If you replace the sulphuric acid of Sargent’s solution with boric acid as advocated by Le Blanc the results are the well-known formula of a large automobile firm. If chromic carbonate advocated by the Bureau of Standards is replaced with boric acid, then practically an identical solution with Sargent’s formula results. The addition of chromic carbonate advocated by the Bureau of Standards gives a distinctive chromium solution. It is not patented yet but gives wonderfully good results.

Sargent advocated the use of lead anodes, this type of anode in connection with steel anodes gives splendid results. When internal anodes must be used to give throwing power, then lead anodes should be used due to their flexibility. Sargent states with the use of lead anodes that chromic acid reduced at the cathode was oxidized back to chromic acid at the anode. Thus the plating solution could be maintained easily at a desired composition at a valence of three.

An excellent paper worth considerable consideration is “Notes on the Plating of Chromium on Steel,” by George M. Enos, presented at the forty-eighth general meeting of the American Electrochemical Society held in Chattanooga, Tenn., September 24-26, 1925.

This paper, from investigations made, proves that chromium plated steels cannot be heat-treated as can ordinary tool steels or chrome steels. The selected bibliography in this paper covering work done on chromium up to 1923 is excellent. Four German patents, and five British patents, and one American patent is referred to. The latter is Placet and Bonnet’s patent of 1894.

So we come down through a fifth of a century to 1927 and the commercial metal fabricating and electroplating industry must decide eventually whether they will stand shoulder to shoulder in the defense of chromium plating as a purely commercial process, established for them by the expiration of the Placet and Bonnet patent and the investigations made by Carveth and Curry, by Le Blanc, by Sargent and by Strausser, or whether they will pay the penalty of royalties of abused privileges in so-termed patents that have been obtained as a subterfuge to confuse real issues based upon prior art established by men who did their work fearlessly and well, without obtaining patents to cover their labors that might have resulted in financial returns.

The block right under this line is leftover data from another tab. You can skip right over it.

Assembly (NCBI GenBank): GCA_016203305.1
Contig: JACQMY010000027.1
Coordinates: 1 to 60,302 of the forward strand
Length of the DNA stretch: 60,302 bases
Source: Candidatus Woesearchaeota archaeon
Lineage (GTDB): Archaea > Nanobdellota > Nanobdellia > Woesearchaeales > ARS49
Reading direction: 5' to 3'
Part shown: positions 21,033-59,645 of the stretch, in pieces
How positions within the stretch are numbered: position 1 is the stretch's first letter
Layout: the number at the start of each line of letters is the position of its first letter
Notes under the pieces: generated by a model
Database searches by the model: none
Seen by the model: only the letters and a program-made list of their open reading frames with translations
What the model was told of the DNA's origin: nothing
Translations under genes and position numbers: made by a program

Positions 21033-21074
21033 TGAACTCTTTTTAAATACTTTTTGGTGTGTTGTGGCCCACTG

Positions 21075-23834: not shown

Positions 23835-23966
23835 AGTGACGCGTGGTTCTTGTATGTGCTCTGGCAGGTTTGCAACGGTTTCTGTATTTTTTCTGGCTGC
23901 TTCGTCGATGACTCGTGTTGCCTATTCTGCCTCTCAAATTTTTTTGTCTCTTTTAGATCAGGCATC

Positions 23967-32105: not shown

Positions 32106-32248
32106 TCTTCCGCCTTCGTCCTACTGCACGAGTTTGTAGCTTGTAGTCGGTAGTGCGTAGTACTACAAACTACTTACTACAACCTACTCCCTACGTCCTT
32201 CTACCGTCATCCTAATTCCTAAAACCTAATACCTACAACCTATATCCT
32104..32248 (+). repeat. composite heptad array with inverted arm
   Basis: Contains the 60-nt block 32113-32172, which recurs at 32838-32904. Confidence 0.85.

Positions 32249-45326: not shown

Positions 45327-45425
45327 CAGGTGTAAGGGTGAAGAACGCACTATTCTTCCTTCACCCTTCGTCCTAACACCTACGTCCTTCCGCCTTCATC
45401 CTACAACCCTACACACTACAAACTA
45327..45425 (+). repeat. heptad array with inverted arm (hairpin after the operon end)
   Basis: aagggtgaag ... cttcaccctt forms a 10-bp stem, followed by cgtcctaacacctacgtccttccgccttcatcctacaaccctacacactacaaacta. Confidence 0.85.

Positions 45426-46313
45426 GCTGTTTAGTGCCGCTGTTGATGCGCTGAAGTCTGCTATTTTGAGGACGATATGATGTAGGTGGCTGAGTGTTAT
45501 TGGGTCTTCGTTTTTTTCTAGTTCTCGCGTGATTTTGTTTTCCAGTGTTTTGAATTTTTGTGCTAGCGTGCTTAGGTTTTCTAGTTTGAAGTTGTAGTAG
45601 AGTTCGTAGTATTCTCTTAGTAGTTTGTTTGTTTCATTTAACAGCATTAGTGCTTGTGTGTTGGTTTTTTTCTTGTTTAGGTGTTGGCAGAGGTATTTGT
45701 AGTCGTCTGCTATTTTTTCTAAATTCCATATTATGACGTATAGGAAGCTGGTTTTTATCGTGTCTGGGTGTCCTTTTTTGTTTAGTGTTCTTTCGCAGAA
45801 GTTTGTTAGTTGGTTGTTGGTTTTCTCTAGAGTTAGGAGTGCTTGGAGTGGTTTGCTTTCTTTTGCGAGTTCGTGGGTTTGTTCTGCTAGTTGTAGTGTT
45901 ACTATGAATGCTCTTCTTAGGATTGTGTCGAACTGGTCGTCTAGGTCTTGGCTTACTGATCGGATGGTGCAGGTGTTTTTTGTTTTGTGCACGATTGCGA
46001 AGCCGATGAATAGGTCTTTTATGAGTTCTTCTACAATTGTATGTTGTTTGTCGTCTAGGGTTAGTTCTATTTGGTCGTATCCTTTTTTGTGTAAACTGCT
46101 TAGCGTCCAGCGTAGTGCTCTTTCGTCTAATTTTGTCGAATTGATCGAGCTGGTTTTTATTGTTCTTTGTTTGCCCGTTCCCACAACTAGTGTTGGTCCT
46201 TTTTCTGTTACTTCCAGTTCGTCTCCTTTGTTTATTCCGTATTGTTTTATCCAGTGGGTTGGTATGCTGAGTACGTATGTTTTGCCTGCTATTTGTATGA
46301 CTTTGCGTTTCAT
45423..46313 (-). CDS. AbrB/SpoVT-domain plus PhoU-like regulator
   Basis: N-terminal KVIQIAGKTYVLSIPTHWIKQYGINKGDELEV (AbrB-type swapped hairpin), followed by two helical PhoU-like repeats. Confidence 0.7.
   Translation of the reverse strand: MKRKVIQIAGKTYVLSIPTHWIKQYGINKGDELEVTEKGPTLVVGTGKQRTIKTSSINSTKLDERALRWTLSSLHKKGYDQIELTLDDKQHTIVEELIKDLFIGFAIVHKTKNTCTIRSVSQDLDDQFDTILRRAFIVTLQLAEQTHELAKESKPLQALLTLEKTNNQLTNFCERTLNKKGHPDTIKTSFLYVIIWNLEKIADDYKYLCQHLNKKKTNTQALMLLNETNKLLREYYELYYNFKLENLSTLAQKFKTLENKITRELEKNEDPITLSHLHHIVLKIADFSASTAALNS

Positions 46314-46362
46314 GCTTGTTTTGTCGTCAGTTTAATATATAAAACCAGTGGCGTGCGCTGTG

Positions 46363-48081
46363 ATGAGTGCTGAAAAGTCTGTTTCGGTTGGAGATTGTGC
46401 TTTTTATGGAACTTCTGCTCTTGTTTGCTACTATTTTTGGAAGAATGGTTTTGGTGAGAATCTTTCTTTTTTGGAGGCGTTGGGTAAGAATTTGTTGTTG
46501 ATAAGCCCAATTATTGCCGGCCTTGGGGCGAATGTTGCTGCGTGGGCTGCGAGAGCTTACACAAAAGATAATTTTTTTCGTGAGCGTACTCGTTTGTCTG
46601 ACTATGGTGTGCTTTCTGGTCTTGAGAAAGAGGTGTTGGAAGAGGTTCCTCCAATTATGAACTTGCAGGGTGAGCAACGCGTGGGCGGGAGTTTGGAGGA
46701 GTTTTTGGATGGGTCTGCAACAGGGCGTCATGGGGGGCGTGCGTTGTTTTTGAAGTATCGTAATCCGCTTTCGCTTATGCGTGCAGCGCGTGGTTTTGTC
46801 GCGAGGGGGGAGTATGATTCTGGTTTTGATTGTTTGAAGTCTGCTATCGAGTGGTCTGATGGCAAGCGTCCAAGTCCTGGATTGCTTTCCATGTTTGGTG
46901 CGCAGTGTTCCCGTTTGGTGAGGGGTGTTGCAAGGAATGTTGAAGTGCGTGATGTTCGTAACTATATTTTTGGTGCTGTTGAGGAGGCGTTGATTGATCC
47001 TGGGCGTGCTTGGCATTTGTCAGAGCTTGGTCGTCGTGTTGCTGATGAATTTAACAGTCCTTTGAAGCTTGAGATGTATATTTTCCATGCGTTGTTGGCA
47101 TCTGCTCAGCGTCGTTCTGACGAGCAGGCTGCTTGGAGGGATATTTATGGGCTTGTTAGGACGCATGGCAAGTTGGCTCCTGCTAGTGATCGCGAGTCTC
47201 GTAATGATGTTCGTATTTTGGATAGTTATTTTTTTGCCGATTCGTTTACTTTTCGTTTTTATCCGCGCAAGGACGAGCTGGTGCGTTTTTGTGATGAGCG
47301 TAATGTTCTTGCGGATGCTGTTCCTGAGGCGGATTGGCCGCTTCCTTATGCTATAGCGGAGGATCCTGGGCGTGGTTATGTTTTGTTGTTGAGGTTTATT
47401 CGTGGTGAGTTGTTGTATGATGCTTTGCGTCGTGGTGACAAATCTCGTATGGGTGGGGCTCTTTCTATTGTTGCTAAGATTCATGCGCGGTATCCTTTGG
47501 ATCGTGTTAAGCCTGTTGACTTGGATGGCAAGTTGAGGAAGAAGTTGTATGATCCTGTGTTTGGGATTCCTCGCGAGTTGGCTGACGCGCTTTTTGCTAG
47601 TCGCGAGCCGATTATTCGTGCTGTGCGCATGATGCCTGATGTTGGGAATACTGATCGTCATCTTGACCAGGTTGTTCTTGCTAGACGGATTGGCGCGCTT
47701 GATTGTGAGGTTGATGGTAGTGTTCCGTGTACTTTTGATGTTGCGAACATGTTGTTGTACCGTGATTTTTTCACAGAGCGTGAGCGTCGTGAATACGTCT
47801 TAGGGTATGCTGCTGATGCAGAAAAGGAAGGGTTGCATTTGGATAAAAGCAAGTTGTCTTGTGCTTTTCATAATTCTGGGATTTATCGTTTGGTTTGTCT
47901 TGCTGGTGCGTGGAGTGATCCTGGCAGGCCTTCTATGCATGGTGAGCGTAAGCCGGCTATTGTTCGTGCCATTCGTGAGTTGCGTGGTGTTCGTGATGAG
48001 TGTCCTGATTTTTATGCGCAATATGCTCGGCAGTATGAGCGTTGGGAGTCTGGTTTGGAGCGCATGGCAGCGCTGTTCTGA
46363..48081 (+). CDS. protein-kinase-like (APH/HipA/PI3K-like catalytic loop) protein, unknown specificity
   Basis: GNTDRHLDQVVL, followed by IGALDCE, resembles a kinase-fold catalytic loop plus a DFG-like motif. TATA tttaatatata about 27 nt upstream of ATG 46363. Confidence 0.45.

If we review patents of the past few years we can only conclude that they contain nothing of interest to chromium plating or the metal fabricating industry as a whole, but are intended most to confuse and cloud eventual issues. I believe in patents that are patents that result from honest labor and untold hours of investigation, but not in a fraction of a per cent of the patents granted in the United States that are worthless.

I am reminded of the fact that President Taft condemned our present patent laws and made a vigorous demand for their reformation at a reception accorded to the delegates at the eighth International Congress of Applied Chemistry in the Blue Room of the White House on Thursday, September the 5th, 1912.

I happened to be present at the time President Taft was heartily applauded.

Still no reformation has come about in the Patent Department and patents are continually issued galore, ground out as by a mill of the gods, to what value in a thousand instances to commercial industry (nil).

Chromium is indeed a wonderful metal; we have scarcely commenced to realize its wonderful commercial value as a dollar-saving factor in reducing cost of labor, in its wonderful hardness to resist wear, when applied to commercial metals, of its non-oxidizing properties that permits it to retain its splendid lustre in spite of any atmospheric weather condition it may have to contend with.

I am unaware of its commercial application in this New England Commonwealth, because for a number of years I have been out of contact with New England manufactured products.

But in that great Middle West where they do things on a tremendous commercial scale, ever marching forward with the world’s progress, I keep my fingers upon the pulse of the metal industry and know what is being done, has done, and will do in the future.

When I state that one great plate glass producing firm after experimenting upon a laboratory scale with commercial chromium plating solutions decided to install a ten thousand dollar unit to chromium plate, steel conveyor rolls, four one-thousandths of an inch in thickness with chromium, they plated 350 tons of steel rolls that cost them in replacement nine thousand dollars per year. The estimated life of the present chromium plated rolls in five years, the saving in five years then would be forty-five thousand dollars, the cost of the plating unit all told was ten thousand dollars, the saving then thirty-five thousand dollars; at the end of five years, the rolls can be replaced again providing the hubs have not shown any appreciable wear.